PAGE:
PHOENIX – During the Suns’ successful quest to eliminate the Lakers in the Western Conference quarterfinals, Phoenix center Deandre Ayton averaged 15.8 points and earned a shooting percentage of 77.6. He is not the only member of the 2018 NBA draft class putting up eye-popping numbers in the postseason this year.
Ayton, teammate Mikal Bridges, Luka Dončić, Michael Porter Jr. and Trae Young all have made headlines this postseason, each scoring more than 20 points in at least one game. Ayton was the first pick in 2018, Dončić was third, Young fifth, Bridges 10th and Porter 14th.
“I think it’s the best class in NBA history,” Ayton said.
If not history, they are making a strong case for this decade.
Despite Dončić’s 46-point effort in Game 7 of the Western Conference quarterfinals, the Mavericks were eliminated by the Clippers. Young put up 21 points or more in all seven playoff games for the Hawks, who are tied 1-1 with the 76ers in the Eastern Conference semifinals.
The richest series for the 2018 class is the Western Conference semifinal between the Suns and the Nuggets. The series features Ayton, Bridges and Porter as starters.
This 2018 draft class has had an impressive postseason.
Porter has the most playoff experience, mainly resulting from Denver’s run in the bubble last season when it reached the Western Conference finals. His more extensive experience may be why he leads the group in steals, blocks and rebounds.
Young has played in the least games with seven to Ayton and Bridges’ eight, Dončić’s 13 and Porter’s 27. Young’s 202 points in those seven games puts him at a similar clip to Dončić, who has scored 436 points in his 13 games. Young, who plays point guard, is the only member of the group not to record a block.
Ayton has not attempted a 3-point shot in either postseason series. His shooting percentage is 79.3%, almost 30% higher than Dončić, the next closest at 49.4%.
Bridges has only one free throw attempt in the postseason. He made the shot, giving him a 100% success rate.
Bridges scored a playoff high 23 points in Game 1 of the Western Conference semifinals. The two other members of the 2018 draft class in the game gave him the momentum he needed. In the first quarter, Ayton dunked over Porter, earning a free throw to cap the play. After the game, Bridges said Ayton’s dunk got him going.
Don’t jump with Deandre Ayton ? pic.twitter.com/l8LiogQCbz
— NBA on TNT (@NBAonTNT) June 8, 2021
Ayton ended the night with 20 points while Porter scored 15 in the Suns’ 122-105 win. Porter also suffered a minor back injury.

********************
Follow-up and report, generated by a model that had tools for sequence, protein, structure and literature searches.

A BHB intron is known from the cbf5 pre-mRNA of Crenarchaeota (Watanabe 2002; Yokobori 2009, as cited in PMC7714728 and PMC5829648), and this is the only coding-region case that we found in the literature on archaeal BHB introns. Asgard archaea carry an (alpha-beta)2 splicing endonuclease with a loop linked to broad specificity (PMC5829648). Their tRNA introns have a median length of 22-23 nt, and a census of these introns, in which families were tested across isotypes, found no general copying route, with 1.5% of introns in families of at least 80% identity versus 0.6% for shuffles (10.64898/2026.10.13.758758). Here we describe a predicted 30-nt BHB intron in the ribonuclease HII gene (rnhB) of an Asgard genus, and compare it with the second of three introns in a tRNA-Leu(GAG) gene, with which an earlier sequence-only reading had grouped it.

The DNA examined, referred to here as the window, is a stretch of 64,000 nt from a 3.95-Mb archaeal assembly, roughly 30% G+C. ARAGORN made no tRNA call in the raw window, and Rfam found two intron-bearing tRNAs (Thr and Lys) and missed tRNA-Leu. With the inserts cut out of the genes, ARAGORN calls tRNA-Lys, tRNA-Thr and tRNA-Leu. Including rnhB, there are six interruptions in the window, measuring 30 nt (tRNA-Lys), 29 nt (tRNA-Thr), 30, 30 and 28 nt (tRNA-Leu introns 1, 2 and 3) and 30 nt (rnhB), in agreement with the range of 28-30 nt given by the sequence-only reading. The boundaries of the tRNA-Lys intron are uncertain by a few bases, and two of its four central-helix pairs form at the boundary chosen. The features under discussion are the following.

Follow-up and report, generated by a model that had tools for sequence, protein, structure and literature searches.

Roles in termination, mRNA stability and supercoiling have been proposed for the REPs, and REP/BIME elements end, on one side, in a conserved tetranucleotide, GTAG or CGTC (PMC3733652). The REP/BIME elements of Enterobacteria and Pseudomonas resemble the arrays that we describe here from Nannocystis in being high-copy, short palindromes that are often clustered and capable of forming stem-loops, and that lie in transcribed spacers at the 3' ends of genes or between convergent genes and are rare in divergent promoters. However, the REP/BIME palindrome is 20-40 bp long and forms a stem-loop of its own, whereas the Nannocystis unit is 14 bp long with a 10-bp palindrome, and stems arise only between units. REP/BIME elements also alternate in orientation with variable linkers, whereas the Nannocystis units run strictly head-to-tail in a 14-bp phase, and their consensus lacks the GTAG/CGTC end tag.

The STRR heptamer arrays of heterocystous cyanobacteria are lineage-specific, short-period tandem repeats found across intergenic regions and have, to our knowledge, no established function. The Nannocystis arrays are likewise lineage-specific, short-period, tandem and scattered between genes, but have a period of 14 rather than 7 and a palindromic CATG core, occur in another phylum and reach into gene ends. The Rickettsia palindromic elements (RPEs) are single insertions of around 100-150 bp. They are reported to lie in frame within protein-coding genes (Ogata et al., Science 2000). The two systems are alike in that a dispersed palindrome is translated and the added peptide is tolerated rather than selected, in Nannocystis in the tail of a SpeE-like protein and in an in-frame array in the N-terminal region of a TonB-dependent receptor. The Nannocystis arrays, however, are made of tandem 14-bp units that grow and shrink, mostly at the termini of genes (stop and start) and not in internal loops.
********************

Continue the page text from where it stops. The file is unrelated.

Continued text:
Game 2 saw another night where the 2018 draft class trio all scored double digits. Bridges led with 16, Ayton had 15 and Porter tallied 11. The other three Suns starters, Devin Booker, Jae Crowder and Chris Paul, also put up double digit nights. Again, the Suns earned a resounding victory, defeating the Nuggets 123-98.
Paul credits Ayton with much of the team’s success.
“You can’t ask for more from somebody,” Paul said. “He’s literally been our MVP in the postseason.”
Competing against Nuggets center and league MVP Nikola Jokić, Ayton has held his own. Jokić averaged 33 points in the conference quarterfinals. In the two games this series, he scored 22 and 24. In Game 2, Porter’s 11 points were the second-most-scored after Jokić, illustrating the Suns’ defensive dominance.
Torrey Craig, who spent three seasons in Denver and now plays for the Suns, specifically mentioned Ayton’s defensive positioning as part of the reason the Suns were able to limit the Nuggets’ scoring in both games.
Craig and Porter are best friends, stemming from their time in Denver. Craig said the two still talk almost every day and he knows the next two road games in Denver will be tough because of the mile-high altitude and the environment. He also said the Suns are aware of how big a threat Porter could pose if he gets the chance.
“Porter can really light it up, so we just try not to give him any clean looks,” Craig said.
Craig said the Phoenix defense contributed to the Nuggets’ lack of scoring, especially when it came to holding Denver to 32.6% from 3-point range, but he noted that Denver missed a lot of open shots.
Ayton picked up two personal fouls in the first quarter of Game 2, causing concern he might foul out of the game. Suns coach Monty Williams took Ayton out of the game briefly, and after that, Ayton didn’t foul the rest of the game.
“It’s a growth moment for him for sure to do that on that stage, and we’re going to need to have that kind of awareness when we go on the road,” Williams said.
Ayton called on his teammates to step up their game after his early fouls, Paul said.
“He was mad at us and I loved it,” Paul said. “He was right. We’ve got to protect him. We’ve got to help him.”
Ayton believes the 2018 draft class still has more to give beyond what he, Dončić, Porter and Young already have accomplished. He said there’s still more players from their draft who have yet to break out.
“It’s a new generation in the league,” Ayton said.